iProperty.com sought the opinion of some experts on the matter.
What is the resulting effect of the freeze on developers, and, in turn on property prices?
Following the suspension, the Master Builders Association Malaysia (MBAM) compiled a chart showing the actual supply and demand for foreign workers in the local construction industry. It clearly shows the number of foreign workers that is needed in the next 10 years.
It is estimated that the industry needs at least 1.995 million on-site foreign workers by 2020, up a whopping 823,000 or 70.2% from last year’s figure of 1.172 million. Local workers can only meet a small percentage of these needs. Hence, if the ban is effected over a longer period, it will result in a delay in construction works and ultimately, higher wages. This, in turn, translates to higher property prices in the long run.
I feel that the banning of foreign workers should not be done across the board. Certain industries such as plantation and construction should be given a longer time to stage out foreign workers. At the same time, the relevant stakeholders must step up to the plate in order to train and convince locals to take on jobs in these industries.
Executive Director of KGV International Property Consultants Sdn Bhd
Malaysia has been dealing with the problem of illegal foreign workers for decades, so I believe that it is high time that we fix the problem. If a foreign worker can do the job better and at a cheaper rate than a local worker, then as a developer I would surely choose to hire foreigners. The issue is when illegal workers come into play, the local:foreigner price- value equation goes out of sync. I believe legal foreign workers are not necessarily cheaper than local workers. If Malaysia wants to move forward as a developed country, the issue of illegal foreign workers will have to be curbed, even if it is at the cost of higher property prices. The higher prices will be justified by other benefits such as possible higher involvement of locals in the construction industry and the improvement of construction practices with lower reliance on labour.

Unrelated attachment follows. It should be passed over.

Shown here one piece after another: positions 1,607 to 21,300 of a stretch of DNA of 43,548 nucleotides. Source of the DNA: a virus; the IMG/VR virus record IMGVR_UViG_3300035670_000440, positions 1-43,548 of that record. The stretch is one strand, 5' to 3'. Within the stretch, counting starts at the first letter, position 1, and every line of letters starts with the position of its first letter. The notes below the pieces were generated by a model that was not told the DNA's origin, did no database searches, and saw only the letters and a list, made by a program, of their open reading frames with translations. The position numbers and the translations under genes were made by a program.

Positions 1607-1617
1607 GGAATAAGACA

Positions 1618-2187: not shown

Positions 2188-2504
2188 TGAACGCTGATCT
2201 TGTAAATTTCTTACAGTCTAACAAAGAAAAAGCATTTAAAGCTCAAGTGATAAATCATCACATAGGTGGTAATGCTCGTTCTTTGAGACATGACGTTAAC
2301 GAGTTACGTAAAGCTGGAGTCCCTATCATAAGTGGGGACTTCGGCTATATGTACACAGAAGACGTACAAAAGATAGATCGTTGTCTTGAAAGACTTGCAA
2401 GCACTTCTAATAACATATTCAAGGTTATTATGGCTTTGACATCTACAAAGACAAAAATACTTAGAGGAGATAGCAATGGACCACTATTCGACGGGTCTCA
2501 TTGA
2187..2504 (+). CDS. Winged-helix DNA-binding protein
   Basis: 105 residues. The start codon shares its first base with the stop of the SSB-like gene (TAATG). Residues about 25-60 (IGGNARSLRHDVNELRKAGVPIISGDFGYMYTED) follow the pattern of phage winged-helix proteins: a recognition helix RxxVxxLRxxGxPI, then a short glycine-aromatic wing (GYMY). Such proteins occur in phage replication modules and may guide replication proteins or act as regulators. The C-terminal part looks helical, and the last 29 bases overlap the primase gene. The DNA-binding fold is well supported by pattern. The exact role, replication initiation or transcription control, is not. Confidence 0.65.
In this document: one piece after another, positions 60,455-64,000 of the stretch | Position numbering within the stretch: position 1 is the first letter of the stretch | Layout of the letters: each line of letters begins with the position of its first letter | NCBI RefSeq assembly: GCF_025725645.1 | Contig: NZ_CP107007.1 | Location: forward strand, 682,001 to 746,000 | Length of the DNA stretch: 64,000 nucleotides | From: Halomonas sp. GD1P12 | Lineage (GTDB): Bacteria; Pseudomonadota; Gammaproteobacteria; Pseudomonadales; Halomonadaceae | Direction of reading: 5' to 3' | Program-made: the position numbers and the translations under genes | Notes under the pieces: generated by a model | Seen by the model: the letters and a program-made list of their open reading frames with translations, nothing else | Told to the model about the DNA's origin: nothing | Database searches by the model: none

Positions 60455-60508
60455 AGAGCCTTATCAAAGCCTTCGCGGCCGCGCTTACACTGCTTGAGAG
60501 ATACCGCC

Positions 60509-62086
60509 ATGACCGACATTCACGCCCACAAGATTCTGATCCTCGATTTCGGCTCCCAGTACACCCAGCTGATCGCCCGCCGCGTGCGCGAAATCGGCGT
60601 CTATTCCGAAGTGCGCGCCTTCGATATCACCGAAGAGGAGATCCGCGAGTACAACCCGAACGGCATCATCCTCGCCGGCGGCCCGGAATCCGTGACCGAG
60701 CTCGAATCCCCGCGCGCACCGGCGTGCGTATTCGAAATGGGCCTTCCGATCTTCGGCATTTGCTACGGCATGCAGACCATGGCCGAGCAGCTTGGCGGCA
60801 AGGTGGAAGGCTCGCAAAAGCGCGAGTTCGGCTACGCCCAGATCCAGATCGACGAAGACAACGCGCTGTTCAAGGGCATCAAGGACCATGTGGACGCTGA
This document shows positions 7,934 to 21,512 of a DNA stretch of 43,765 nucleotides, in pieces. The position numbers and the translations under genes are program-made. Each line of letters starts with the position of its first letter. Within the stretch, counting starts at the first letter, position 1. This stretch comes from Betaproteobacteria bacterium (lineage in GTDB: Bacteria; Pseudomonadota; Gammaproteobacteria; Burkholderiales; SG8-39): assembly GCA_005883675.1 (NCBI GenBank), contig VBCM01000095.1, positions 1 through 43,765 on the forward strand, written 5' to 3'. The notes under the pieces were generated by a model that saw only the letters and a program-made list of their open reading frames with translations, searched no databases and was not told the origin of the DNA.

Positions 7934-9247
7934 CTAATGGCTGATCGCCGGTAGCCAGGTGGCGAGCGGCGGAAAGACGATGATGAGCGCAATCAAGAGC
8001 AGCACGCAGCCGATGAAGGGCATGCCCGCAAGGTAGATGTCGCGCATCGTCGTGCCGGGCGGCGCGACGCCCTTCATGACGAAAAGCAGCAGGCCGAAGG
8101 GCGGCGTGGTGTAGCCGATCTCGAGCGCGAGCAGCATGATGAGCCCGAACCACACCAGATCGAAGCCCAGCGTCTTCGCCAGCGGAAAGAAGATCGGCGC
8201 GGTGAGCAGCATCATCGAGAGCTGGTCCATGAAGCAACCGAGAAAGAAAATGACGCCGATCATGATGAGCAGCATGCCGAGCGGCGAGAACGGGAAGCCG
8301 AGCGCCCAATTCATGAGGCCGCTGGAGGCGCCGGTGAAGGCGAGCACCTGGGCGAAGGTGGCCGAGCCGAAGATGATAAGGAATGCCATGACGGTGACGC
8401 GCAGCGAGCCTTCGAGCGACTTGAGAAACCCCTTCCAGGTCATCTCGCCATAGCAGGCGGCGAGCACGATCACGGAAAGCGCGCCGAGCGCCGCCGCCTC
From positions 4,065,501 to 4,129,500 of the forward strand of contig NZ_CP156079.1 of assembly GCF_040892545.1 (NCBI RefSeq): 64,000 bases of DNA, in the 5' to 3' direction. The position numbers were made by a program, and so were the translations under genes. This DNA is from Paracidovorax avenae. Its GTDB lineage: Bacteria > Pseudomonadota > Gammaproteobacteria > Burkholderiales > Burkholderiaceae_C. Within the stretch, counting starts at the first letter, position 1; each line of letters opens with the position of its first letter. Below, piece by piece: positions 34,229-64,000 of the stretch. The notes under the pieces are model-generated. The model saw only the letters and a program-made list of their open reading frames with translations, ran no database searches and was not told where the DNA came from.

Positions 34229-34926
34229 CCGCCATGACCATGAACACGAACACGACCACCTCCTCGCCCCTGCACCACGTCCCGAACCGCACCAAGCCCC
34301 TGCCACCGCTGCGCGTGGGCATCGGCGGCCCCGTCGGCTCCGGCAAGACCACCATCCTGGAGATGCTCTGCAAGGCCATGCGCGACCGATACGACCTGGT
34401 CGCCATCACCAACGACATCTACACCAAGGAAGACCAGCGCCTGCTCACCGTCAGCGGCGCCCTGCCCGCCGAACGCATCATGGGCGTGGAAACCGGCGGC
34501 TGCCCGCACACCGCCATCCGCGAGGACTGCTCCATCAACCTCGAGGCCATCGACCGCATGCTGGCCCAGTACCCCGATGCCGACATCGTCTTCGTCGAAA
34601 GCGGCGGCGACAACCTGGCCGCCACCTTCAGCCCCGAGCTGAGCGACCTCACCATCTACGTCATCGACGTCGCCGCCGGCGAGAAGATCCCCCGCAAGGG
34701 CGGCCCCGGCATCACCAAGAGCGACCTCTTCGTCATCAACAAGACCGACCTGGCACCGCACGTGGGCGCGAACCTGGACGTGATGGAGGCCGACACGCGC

Co-Founder and Director of Alpha Marketing
The resulting impact could be both good and bad. The upside would be that it creates demand for local workers, giving a boost to the otherwise quiet property market. This would result in job creation and create a spillover effect in other related industries such as retail, spending etc. Hence, the money that is spent on hiring locals will go around within the local economy. The downside would be an increase in property development costs as it is more expensive to employ local workers. This would result in higher construction costs and higher per sq ft pricing for properties.
iProperty.com’s brand ambassador (Iskandar Malaysia), property speaker and author
I personally do not think the freeze on the recruitment of foreign workers will affect property prices. The reason being that many developers have either been postponing their launches or putting new phases of existing projects on hold. The past six months have been seeing a very soft property market with few new launches and generally, below-target sales for most developers. A suspension/freeze is normally a temporary measure which might be lifted when the market begins to pick up again as the “buying mood” of consumers return. I believe that the market momentum will improve after the next quarter, possibly by July or August this year and I am confident that the government will revise this policy accordingly.
Dr Daniele Gambero
Co-Founder and CEO of REI Group of Companies
This article was first published in the iProperty.com Malaysia April 2016 Magazine. Get your copy from selected news stands or view the magazine online for free at www.iproperty.com.my/magazine. Better yet, order a discounted subscription by putting in your details in the form below!